For many people, 2020 is an ongoing collision of difficult, stressful situations. As COVID-19 cases surge in the state, Michigan Radio is talking to Michiganders about how the pandemic is affecting their lives.
Danielle Dix works the third shift at a West Michigan hospital. The Grand Rapids mom has a second job in retail. All the while, she's trying to keep her two children on track in online school.
Facing COVID head on
Dix is a team lead in the environmental services department for Spectrum Health's three hospitals in Grand Rapids. She and her co-workers clean the facilities and Dix often works on floors where COVID-19 patients are being treated. Michigan’s second wave of COVID has been especially bad in West Michigan.
"We're just making sure that our staff is using the correct (personal protective equipment) and everyone feels comfortable with the PPE that they're given," Dix told Michigan Radio's Morning Edition. "For the past few weeks, we've had some new staff members come in. They feel a little nervous at first facing it head on. It's a little nerve-racking."
In addition to her primary job at the hospital, Dix also works at a clothing store. She notices stark difference in the way she and her colleagues are treated in the two industries.
"In the hospital, our particular department is so needed. We get a lot of recognition, which feels good. We clean the hospital, we sanitize the hospital, we make it so that it's safe for the patients and the staff and the visitors," she said.
"As for the retail business, you have those few that are still, you know, anti-mask. Sometimes we have to remind them that it's not just keeping them safe, it's keeping us safe, and everyone in the store."
School days, work nights
Dix's son, Poet, is 6, and in first grade. Her daughter, Leah, is 3, and in a pre-kindergarten program. Both are in Grand Rapids Public Schools, which are fully virtual right now.
Dix's complicated schedule has her starting work at the hospital at 10 p.m. and ending at 7 a.m. When she's done, she'd like to go to sleep, but the kids' day is just beginning.
"When I get home, I get them up. I get them ready, get them dressed so that they can be on their iPad (for school)," she said. "I'm running from one room to the next just making sure that no one's (screen is) freezing and our wi-fi is doing OK. But we're coming up with a routine that's starting to work finally."
Dix is going through a divorce, but her mother lives with her and pitches in.
"She is 70 and she's not really tech savvy, but she does what she can to help my 3-year-old kind of stay focused, as much as you can keep a 3-year-old focused in front of an iPad," Dix said, laughing.
Dix squeezes sleep in when she can.
"I'll go to sleep after their last class and my mom will watch them while I sleep. I don't necessarily get eight hours of sleep, but I'm not sure what parent really does," she said. "I'll get a block of time, about five hours and then when I put the kids to bed at night, I take a little nap with them before I go into work."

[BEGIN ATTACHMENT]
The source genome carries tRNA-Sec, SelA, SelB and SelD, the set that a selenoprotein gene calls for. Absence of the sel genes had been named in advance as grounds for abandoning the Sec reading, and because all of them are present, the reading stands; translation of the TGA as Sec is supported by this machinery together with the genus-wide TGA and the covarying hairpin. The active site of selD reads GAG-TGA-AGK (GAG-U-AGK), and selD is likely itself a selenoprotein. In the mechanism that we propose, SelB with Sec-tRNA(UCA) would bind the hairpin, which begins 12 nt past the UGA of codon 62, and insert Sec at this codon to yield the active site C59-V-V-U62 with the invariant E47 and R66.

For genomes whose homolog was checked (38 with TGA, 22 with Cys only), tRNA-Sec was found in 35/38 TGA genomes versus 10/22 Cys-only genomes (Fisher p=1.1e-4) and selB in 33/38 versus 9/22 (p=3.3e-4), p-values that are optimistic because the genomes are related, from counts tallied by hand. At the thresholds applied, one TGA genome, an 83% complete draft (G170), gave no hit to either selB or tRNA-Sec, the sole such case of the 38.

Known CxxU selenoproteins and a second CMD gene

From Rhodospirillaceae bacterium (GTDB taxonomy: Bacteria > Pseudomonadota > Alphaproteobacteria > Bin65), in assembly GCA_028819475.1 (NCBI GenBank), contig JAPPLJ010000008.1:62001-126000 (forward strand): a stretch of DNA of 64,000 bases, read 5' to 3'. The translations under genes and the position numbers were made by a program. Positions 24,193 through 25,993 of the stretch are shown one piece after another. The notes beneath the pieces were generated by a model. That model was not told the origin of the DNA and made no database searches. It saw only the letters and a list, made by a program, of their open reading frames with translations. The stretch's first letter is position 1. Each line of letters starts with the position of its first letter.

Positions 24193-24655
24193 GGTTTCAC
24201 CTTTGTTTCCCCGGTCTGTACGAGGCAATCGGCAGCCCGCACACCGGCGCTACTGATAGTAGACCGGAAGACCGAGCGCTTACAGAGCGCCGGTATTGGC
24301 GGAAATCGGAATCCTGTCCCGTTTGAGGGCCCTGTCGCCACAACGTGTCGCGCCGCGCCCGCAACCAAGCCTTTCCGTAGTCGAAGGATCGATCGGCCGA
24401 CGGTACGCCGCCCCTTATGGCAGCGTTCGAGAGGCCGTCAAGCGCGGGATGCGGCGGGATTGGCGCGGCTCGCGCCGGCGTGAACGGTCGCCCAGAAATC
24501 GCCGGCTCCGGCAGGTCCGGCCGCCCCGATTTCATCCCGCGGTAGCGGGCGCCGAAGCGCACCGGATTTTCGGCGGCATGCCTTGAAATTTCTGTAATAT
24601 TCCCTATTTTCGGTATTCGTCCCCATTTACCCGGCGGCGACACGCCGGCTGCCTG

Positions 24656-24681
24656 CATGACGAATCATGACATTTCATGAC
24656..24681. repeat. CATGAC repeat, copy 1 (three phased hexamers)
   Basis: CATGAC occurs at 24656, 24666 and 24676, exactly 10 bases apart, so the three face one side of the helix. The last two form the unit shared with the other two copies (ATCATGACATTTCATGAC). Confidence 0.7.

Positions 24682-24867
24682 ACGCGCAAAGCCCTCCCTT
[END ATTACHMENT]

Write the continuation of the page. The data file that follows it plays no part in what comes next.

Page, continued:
An educational plan disrupted
Dix chose to put her son and daughter in Montessori school programs that are part of GRPS. In the shift to online school, she's felt the loss of what she'd planned for their education.
"The Montessori style is almost complete opposite of what we have to do with virtual learning now. Montessori is really hands on and using objects and nature to problem solve," Dix said.
However, she has high praise for the school staff members.
"Teachers are doing an amazing job because they not only had to revamp their entire teaching style for this, they're [also] continually making the adjustments based on what would be the Montessori style. It's been a difficult time for them as well."
Earlier in the school year, GRPS had planned to phase in a hybrid model with some in-person learning. That's not happening now. The district's decision, and explaining the change to her kids, was tough for Dix.
"It was really disappointing. Working at the hospital, I completely understand because I see [the COVID risks] firsthand. So, I understand the reasoning behind the decision, but we were looking forward to going back so that they can get that socialization that they really need."
Dix's son, Poet, has autism spectrum disorder. Experts have told her the effects are comparable to Asperger's syndrome. While Poet's academics have been above average, social interactions were an important focus for him in kindergarten last year.
"That was something that we were working with, and he was starting to do really well with it. Now he's starting to revert a bit because he doesn't have that interaction with anyone," Dix said.
Dix is upbeat and hopes the kids are getting the basic educational skills they need, but being at home, staring at screens, not seeing other kids, is not what she wants for them.
"All of that is a concern of mine, that they're getting the wrong impression of what school is."
Editor's note: Quotes in this story were edited for length and clarity. You can hear a portion of our interview with Danielle Dix near the top of this page.